- Your child will be asked to change into a hospital gown. Your child may be given medicine in his IV to help him relax or make him drowsy. Your child will be taken on a stretcher to the room where the surgery will be done. Your child will lie on his back. He may get a general anesthesia to keep him completely asleep. His leg and hips will be cleaned and covered with clean sheets to keep the surgery area clean.
- Your child's caregiver will align the broken bones together by carefully pushing, pulling, and turning the broken leg. He will do this without making a cut on your child's skin. He may use a fluoroscope (x-ray) to help him insert pins and correctly align the bones. Holes may be made on the bones by using a drill to insert screws and long metal pins. These pins will be placed through the intact parts of the bone on both sides of the fracture. These pins will stick out through your child's skin and other rods and devices will be attached to them. An x-ray may be done to see if the bones were set in the right way. Bandages will be wrapped around the areas where pins were inserted.
Your child is taken to a room where he can stay until he wakes up and is comfortable. Your child may be allowed to go home. If not, your child will be taken to a bed on one of the units in the hospital. Your child may be sleepy and have some pain after surgery. Your child should not get out of bed until caregivers say it is OK. Leave any bandages on your child until a caregiver takes them off.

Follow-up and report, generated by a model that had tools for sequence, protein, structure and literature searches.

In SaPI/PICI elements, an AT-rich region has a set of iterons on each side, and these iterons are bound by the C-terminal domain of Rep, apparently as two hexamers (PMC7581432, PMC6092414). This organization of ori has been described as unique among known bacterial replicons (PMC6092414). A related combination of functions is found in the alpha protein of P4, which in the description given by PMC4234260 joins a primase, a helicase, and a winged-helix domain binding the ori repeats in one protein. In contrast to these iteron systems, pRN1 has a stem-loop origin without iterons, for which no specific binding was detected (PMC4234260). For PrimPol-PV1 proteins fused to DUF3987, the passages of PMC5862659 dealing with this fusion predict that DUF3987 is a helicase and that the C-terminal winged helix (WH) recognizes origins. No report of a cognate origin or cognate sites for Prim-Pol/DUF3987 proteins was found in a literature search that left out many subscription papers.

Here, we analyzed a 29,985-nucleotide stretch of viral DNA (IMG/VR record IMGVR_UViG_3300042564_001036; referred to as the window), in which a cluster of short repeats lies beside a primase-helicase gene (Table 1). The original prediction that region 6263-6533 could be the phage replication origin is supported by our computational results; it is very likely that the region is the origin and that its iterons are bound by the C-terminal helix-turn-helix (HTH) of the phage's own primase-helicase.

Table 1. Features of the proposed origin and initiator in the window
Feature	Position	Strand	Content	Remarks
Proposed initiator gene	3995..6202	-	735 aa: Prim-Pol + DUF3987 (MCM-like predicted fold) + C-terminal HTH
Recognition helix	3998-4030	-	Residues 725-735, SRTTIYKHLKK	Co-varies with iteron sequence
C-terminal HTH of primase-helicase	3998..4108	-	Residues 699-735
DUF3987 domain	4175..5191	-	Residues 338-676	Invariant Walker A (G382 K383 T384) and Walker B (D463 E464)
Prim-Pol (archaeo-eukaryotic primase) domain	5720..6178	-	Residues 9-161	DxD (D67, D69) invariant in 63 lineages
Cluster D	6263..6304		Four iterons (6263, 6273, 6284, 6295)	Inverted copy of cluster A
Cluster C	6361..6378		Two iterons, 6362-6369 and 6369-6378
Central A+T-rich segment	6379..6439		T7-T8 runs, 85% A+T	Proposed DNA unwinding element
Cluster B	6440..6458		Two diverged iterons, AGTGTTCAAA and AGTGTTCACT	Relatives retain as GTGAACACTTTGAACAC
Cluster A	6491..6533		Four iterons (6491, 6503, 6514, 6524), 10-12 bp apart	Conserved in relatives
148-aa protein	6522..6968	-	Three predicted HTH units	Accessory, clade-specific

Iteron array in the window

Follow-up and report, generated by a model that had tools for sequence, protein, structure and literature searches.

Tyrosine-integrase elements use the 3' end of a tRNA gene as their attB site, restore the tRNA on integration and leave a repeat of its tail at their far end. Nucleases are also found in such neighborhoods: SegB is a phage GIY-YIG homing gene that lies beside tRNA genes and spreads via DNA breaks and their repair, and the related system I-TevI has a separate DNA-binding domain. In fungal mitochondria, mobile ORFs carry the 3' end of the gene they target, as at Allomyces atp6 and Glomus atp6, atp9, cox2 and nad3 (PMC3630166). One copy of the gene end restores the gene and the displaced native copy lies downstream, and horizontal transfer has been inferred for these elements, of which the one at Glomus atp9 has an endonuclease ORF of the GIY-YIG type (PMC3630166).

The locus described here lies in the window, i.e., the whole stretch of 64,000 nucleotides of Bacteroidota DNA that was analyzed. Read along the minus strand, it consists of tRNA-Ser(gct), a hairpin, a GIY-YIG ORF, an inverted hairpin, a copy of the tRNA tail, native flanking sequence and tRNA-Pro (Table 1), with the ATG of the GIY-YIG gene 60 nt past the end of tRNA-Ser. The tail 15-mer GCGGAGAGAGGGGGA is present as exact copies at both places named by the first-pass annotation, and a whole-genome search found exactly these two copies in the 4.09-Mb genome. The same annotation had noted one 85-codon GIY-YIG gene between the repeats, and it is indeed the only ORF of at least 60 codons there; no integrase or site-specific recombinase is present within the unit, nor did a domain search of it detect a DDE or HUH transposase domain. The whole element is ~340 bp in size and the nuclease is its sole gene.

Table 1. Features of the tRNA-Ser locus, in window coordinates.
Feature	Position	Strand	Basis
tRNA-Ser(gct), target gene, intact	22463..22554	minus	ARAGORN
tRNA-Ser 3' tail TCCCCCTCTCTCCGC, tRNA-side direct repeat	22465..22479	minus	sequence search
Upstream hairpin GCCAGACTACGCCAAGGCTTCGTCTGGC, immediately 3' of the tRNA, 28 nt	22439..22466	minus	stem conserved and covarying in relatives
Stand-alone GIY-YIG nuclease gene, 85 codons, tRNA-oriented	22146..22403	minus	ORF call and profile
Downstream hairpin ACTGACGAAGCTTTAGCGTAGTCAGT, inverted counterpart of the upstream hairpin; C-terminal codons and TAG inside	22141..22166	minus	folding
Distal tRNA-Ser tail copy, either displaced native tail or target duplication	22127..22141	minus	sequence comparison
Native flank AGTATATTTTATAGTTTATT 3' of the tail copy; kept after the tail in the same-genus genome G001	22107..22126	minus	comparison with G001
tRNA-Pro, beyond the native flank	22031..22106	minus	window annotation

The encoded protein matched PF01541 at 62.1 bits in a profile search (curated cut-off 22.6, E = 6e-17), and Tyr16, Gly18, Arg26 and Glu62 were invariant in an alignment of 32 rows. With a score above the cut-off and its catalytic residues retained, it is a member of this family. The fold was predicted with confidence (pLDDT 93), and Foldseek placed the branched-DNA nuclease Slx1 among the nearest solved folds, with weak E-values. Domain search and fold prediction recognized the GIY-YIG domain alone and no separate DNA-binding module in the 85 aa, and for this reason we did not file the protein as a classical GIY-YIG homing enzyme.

This is an area where family and friends can wait until your child is able to have visitors. Leave a phone number or other means of contact where you can be reached if you leave the area.
Contact a caregiver if
- You cannot make it to your child's appointment on time.
- Your child has a fever.
- Your child has a skin infection or an infected wound near the injured leg.
- You have questions or concerns about your child's surgery.
Seek Care Immediately if
- Your child has a lot more pain or has trouble moving his leg or foot.
© 2013 Truven Health Analytics Inc. Information is for End User's use only and may not be sold, redistributed or otherwise used for commercial purposes. All illustrations and images included in CareNotes® are the copyrighted property of the Blausen Databases or Truven Health Analytics.
The above information is an educational aid only. It is not intended as medical advice for individual conditions or treatments. Talk to your doctor, nurse or pharmacist before following any medical regimen to see if it is safe and effective for you.